Struggling with weight? Here's some help.

Margaret Nathaniel is the Shepherdess Coordinator for the Southern Asia Division. Used with permission.

When we were sweet sixteen most of us were slim, trim and good-looking, but what hap­pened when we turned 40? We gained excess weight in odd places and didn't look as good as before. Right?

Well, this happened to me as, I presume, it does to most everyone else. And recently the scales have been bothering me for I have reached 132 lbs and though I have tried, I cannot seem to shed those 10 pounds 1 need to lose to make me feel comfortable.

At about the same time as I began worrying about my weight, my husband, who was also fighting against weight, went on a very strict diet and exercise program for a whole month and shed more than five pounds. He felt so much better. After a couple of months when he lost another five pounds he re­marked, "I feel so good these days. It was as if I was carrying a bag with 10 pounds of grain all this while and now I don't have that extra weight to deal with and it sure does feel good."

His statement made me think. Weights. What does the Bible have to say about weights? I looked in the concordance and found one verse that fit what 1 had on my mind. Hebrews 12:1 says, "Let us lay aside every weight, and the sin which doth so easily beset us.. ."

Along our Christian pathway we pick up weights—weights of fear, depression, doubt, failure, discouragement and discontentment. We need to lay them aside. How do we accomplish that? We use the same tools to rid ourselves of spiritual weights as we do to rid ourselves of physical weights. First is Diet. We need to enrich our spiritual diet by spending more time reading God's Holy Word.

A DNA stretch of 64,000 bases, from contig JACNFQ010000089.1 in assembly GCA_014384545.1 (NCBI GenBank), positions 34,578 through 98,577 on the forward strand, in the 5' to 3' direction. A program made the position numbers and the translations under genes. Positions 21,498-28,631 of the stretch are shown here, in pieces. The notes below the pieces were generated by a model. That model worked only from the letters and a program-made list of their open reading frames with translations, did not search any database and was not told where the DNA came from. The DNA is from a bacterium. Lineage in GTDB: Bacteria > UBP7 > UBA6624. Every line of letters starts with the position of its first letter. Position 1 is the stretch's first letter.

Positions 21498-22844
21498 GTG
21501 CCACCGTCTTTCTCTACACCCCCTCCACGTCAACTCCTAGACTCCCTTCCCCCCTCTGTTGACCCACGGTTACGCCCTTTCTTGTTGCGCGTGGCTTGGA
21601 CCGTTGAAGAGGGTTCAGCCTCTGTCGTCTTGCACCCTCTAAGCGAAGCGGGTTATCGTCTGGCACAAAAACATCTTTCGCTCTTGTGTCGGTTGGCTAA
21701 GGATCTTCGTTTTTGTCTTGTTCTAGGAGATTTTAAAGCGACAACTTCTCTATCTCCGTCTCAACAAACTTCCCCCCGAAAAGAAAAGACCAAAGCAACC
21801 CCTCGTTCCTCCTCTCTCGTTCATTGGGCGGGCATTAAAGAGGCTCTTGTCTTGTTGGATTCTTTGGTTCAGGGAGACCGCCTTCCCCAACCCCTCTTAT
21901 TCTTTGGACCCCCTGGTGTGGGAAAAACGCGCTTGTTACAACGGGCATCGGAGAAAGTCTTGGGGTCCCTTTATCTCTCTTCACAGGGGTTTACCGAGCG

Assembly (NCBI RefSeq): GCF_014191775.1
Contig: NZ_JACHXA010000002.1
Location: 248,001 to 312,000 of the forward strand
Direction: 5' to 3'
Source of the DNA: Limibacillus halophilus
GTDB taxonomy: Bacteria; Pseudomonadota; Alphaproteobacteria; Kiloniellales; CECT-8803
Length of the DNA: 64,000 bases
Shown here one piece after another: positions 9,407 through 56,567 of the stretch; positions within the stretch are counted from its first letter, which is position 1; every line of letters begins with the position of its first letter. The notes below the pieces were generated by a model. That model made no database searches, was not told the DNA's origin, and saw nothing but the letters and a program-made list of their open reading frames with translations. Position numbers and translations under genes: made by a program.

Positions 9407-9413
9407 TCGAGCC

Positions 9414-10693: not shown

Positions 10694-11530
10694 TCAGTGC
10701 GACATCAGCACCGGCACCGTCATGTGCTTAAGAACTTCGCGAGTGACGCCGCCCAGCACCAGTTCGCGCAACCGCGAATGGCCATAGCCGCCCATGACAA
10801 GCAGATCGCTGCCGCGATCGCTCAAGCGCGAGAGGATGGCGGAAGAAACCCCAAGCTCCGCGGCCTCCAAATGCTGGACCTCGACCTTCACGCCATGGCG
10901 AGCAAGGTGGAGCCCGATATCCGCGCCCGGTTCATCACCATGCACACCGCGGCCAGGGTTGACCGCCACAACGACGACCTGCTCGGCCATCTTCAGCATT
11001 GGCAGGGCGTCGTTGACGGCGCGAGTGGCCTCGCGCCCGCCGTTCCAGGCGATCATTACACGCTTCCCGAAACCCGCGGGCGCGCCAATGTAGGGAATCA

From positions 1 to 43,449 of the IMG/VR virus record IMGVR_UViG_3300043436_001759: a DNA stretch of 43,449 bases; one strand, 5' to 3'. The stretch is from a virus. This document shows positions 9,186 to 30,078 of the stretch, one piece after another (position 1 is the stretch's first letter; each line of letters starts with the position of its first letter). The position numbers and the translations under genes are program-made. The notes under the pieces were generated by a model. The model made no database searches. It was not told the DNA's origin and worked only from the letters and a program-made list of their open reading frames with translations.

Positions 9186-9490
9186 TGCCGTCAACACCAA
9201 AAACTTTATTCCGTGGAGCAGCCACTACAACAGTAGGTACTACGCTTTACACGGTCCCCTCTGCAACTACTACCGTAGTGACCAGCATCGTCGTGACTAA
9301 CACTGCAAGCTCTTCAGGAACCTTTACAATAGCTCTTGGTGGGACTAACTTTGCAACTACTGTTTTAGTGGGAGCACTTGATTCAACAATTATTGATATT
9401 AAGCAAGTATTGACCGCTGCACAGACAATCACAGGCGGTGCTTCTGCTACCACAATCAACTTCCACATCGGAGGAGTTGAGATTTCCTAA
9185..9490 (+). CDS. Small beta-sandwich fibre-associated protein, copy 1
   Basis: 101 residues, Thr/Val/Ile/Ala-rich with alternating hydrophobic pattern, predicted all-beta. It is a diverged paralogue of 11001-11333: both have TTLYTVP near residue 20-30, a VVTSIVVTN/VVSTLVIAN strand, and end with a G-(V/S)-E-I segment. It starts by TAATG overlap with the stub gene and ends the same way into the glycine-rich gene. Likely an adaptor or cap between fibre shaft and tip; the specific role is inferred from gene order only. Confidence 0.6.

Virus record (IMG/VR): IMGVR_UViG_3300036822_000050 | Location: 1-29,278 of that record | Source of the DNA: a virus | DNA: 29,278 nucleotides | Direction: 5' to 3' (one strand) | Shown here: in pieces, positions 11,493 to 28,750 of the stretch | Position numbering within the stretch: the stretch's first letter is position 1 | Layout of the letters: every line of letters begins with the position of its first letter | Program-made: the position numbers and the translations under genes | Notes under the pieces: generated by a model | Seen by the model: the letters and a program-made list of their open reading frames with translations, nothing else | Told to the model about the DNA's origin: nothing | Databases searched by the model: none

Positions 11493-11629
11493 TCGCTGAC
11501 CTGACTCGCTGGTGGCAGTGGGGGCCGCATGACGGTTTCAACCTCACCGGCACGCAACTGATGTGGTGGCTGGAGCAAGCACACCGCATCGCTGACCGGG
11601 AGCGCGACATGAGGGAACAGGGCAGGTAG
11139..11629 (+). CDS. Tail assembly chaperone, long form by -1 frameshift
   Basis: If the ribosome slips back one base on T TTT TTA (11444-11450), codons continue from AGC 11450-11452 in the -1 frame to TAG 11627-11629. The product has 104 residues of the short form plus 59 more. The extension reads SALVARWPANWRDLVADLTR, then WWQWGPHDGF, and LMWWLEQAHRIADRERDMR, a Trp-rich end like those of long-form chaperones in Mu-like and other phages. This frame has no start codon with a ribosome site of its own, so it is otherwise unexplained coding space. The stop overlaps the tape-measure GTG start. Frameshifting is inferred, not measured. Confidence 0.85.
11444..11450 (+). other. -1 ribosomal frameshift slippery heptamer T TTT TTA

Some good food is found in Psalm 103:3-5, 10, 13.

1.  "Who forgiveth all thine iniquities."His forgiveness includes all our iniquities and not just some.

2.  "Who healeth all thy diseases." Spurgeon, quoting on Psalm 103:3, says, "What is pride, but lunacy; what is anger, but a fever; what is avarice, but a dropsy; what is lust, but a leprosy; what is sloth, but a dead palsy. But the healing balm of God's love casts out fear, envy, lust, hate and every other evil infection." "For God hath not given us the spirit of fear, but of power and of love, and of a sound mind" (2 Timothy 1:7).

3.  "Who redeemeth thy life from destruction." Sin destroys. God restores. Sin leads to the grave but God redeems our life from the grave. Desire of Ages, page 311 says, "The plan of redemption con­templates our complete recovery from the power of Satan."

4. "Who crowneth thee with loving-kindness." The Hebrew word for "to crown" may also mean "to surround" as in Psalm 103:4. You surround them with your favour as with a shield.

5.  "Who satisfieth thy mouth with good things." "O taste and see that the Lord is good." The Hebrew word here means to "try the flavor of, experience for yourself."

6.  "So that thy youth is renewed like the eagle's." Sin accelerates the aging process. "Grief, anxiety, dis­content, remorse, guilt, distrust, all tend to break down the life forces and to invite decay and death. God offers a fountain of youth at a bargain price." Isaiah 40:31 says, "They that wait upon the Lord shall renew their strength." Positive emotions in a vital connection with God actually stimulates the nerv­ous system and energizes the whole person.

7. "He hath not dealt with us after our sins." He carried the responsi­bility for our sins and carried the load and let us go free.

8. "Like as a father pitieth His children .."Jesus'parable of the prodigal son illustrates the restless spirit of the sinner who sees God as stern and severe and desires to escape His restrains. Only when the prodigal returned, broken in spirit, miserable in body, and totally disillusioned with the glamour of sin, did he begin to realize how much his father had cared for him all along.

The second step is to Exercise. This exercise comes only with faith. Exercising our faith in God comes when we commune with God in prayer more and more each day. Our faith grows stronger as we talk to Him and tell Him al] our joys and sorrows and allow Him to lead by letting go and letting Him have His way in us.

If these two points are con­sidered and put into practice, we will surely lose all the weights which hinder our spiritual growth. We will feel much lighter and be able to witness more for Him without getting tired with those extra weights that weigh us down.

May God help us during this New Year, 1996, to prosper and be in health, both physically and spiritually.